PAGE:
Exile, Imprisonment, or Death

Exile, Imprisonment, or Death

The Politics of Disgrace in Bourbon France, 1610-1789

Swann, Julian (Professor of History, Professor of History, Birkbeck College, University of London)

Oxford University Press






15 a 20 dias

In 1617, Louis XIII was forced to resort to assassination as punishment, while a century later, Louis XIV needed only to issue a command and the kingdom's most powerful subjects would submit to imprisonment or exile without trial. What were 'politics of disgrace', why did it emerge, what conventions governed its use, and how did France react to it?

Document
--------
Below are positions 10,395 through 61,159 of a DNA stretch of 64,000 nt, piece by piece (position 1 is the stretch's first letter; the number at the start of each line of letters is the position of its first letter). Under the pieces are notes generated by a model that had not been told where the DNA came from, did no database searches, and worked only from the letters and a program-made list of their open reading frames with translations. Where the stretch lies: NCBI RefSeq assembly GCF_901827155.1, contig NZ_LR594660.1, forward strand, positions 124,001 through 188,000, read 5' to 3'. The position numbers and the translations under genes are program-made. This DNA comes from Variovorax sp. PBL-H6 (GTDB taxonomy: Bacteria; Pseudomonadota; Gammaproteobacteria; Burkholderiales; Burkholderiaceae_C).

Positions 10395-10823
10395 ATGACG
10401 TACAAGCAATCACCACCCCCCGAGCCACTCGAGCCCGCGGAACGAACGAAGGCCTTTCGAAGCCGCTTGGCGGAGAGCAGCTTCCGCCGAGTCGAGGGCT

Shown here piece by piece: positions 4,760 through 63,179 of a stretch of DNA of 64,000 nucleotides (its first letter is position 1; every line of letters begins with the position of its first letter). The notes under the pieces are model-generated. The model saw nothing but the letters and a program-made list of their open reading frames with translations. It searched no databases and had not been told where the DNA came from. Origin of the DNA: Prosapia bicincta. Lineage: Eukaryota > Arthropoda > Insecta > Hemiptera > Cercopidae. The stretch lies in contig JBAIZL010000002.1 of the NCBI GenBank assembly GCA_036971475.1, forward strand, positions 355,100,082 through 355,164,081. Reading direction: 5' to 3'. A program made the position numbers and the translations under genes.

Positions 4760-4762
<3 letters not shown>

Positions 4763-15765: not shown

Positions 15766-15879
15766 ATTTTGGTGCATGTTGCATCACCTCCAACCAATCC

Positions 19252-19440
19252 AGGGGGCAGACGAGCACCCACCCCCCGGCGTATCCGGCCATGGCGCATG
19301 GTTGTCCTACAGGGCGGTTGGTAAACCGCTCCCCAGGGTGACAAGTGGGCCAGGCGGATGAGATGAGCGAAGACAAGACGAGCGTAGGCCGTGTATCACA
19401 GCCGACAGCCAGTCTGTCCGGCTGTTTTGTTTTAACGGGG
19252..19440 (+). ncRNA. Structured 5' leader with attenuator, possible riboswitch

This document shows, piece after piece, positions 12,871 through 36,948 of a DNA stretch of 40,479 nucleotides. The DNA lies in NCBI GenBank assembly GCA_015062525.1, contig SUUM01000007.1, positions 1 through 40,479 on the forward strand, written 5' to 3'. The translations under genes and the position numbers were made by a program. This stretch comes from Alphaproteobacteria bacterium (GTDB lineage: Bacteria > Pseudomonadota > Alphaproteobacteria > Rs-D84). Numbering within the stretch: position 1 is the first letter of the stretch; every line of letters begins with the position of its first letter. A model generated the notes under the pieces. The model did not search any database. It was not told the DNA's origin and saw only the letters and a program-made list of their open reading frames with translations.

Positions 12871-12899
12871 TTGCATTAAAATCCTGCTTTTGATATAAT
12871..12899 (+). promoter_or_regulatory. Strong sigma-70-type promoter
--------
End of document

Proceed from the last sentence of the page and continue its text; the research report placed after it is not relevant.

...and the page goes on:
Introduction 1: Head of the Household: Disgrace at the Courts of Louis XIII and Louis XIV 2: Master and Servant: Ministerial Disgrace in the Reign of Louis XIV 3: 'Sire, in the name of God, have pity on me': The Personal Experience of Disgrace 4: The Golden Age of Ministerial Exile, 1715-1774 5: Disgrace and Judicial Politics: How, and How Not, to Punish the Parlements 6: Of Secrets and Supper Parties: Disgrace at the Court of Louis XV 7: 'The secret of knowing how to be bored': Daily Life in Disgrace 8: Emptying the Chamber Pot: Family and Friendship in Disgrace 9: 'The cry of the people is the voice of God': The Popular Politics of Disgrace 10: Disgrace without Dishonour 11: From Disgrace to Despotism: Lettres de cachet, Arbitrary Punishment, and the Campaign for a Law of Public Safety 12: Idol of the Nation: Ministerial Disgrace in the Reign of Louis XVI Conclusion Bibliography
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